Guest blog post: Introduction to Wearables

By Anna Blumenkranz and Emilie Giles

When we imagine wearable technology we might think about activity trackers such as the Fitbit or clothing which can be swiped to give us information such as the Google and Levi Commuter Trucker Jacket. However, there is also a playful and DIY-craft-based approach to wearable technology. We ran a two day workshop at the V&A exploring how we could embrace these experimental hand-made wearables, and empower each participant to tweak electronics to create their very own wearable piano or synth.

Introduction to Wearables: Musical T-Shirts. Photo: Anna Blumenkranz and Emilie Giles

The project was inspired by the Fabric Piano project by Leah Buechley and Kanjun Qiu in their book Sew Electric, which uses the Lilypad Arduino Simple Snap and conductive threads and fabric to make a soft instrument based on capacitive sensing. We wanted to build on this exciting tutorial and come out with our own version of it. Anna had already ran her own version of the workshop before in Munich and we thought the V&A audience would love it too!

We began the workshop by sharing our own artistic practice and research as well as briefly talking through a short history of wearable technology.

We then moved straight into the practical beginnings of the course, asking participants to sew their first circuit using conductive thread and an LED:

Introduction to Wearables: Musical T-Shirts. Photo: Anna Blumenkranz and Emilie Giles

This is always a great exercise to start with, as it demystifies how to work with conductive thread and allows the participants to gain a clear practical understanding of basic electrical circuits, and the importance of polarity when working with components.

We next moved onto an introduction to programming and how to code in the Arduino environment, going through simple sketches such as how to blink an LED and also how to start working with sound (not as simple!). Our participants were all new to programming, but courageous in their efforts and all mastered working with the Lilypad very quickly – this was great to see :)

We ended the day with some visual design, asking the participants to sketch out how they wanted to personalise their T-shirts and thinking about how they would incorporate the circuit in it.

We began the second day with some tea and coffee whilst we showed the group work by colleagues in our field which we love. We discussed Kobakant’s projects, and well as those by Afroditi Psarra, Lara Grant and Irene Posch and Ebru Kurbak.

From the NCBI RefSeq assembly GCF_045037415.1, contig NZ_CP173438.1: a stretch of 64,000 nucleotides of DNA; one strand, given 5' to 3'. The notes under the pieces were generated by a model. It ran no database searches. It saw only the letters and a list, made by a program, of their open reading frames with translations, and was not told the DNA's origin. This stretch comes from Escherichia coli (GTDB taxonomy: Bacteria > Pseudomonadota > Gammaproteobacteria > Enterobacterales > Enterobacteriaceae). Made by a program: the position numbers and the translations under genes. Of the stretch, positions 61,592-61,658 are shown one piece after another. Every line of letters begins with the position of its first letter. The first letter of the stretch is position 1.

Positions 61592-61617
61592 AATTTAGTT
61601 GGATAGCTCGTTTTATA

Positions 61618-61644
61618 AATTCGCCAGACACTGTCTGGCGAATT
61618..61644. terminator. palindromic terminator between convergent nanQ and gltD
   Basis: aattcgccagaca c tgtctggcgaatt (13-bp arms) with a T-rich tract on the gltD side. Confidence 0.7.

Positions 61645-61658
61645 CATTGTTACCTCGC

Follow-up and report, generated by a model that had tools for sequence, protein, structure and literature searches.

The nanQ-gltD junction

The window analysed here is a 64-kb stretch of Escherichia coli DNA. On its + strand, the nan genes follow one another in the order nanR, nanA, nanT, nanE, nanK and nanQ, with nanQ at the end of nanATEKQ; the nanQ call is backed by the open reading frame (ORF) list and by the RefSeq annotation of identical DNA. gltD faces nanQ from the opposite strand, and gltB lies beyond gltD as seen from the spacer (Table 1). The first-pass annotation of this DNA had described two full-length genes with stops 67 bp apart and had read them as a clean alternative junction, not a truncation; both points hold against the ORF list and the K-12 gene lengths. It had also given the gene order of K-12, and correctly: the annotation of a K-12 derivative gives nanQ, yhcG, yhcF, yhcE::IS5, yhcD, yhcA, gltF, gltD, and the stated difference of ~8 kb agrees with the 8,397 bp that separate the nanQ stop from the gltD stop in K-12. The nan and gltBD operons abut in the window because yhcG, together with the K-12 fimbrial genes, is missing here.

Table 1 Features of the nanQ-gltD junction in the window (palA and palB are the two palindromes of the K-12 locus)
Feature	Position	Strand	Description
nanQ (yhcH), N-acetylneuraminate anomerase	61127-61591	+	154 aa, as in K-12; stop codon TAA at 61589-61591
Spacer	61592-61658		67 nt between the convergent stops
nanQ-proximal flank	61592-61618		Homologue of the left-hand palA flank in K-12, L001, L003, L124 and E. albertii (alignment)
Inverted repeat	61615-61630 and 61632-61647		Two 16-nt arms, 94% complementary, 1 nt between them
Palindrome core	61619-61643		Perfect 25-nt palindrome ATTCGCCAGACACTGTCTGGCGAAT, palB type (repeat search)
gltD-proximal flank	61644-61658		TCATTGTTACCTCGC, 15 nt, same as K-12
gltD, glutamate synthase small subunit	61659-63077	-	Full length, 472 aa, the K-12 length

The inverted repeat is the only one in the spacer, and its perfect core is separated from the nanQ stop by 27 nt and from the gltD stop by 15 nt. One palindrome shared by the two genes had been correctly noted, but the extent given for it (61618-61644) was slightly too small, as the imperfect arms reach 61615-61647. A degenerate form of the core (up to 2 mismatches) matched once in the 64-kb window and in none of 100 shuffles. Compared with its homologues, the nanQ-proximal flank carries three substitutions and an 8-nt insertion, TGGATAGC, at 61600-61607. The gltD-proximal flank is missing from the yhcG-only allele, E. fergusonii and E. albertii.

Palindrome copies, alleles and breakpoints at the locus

After that we went through the code for our piano project, and discussed the principles of capacitive sensing, which allows a one-point contact of conductive material to detect the location of touch (similar to touch-screens) and to trigger sound.

Then participants were asked to create a capacitive sensor sample, equipped with conductive thread and fabric, testing out their future T-shirt design ideas, which they incorporated later on.

Finally, it was time to work on musical T-shirts! Participants explored different sewing techniques, each creating a unique design. They each also soldered snaps to speakers for attaching to their circuits.

By the end of this two-day workshop everybody had accomplished their very own version of a wearable T-shirt piano. They had mastered the basics of capacitive sensing, circuit building with a microcontroller and coding, and were ready to jam!

Introduction to Wearables: Musical T-Shirts. Photo: Anna Blumenkranz and Emilie Giles

About the tutors

Emilie Giles is a UK based artist and researcher currently studying for her PhD at The Open University in Human-Computer Interaction using e-textiles in hands-on making workshops with blind and visually impaired people. Emilie has much experience in teaching people how to build their own creative technology projects, having been Co-director and Head of Outreach and Participation at Codasign for over three years, and is a visiting lecturer in physical computing and interaction design at University of WestminsterLondon College of Communication and University for the Creative Arts.

Anna Blumenkranz is a media artist and educator based in Munich, who works within the field of wearable technology and e-textiles. She is a lecturer at the Ludwig-Maximilians-Universität München since 2011. In May 2016 Anna has developed and produced a DIY e-textile kit “Glow-Bots: Nähen mit LEDs” with KOSMOS publishing house. She is currently working on a book Wearables: Sewing with Electronics for Franzis publishing house, which is due to be published in May 2017.

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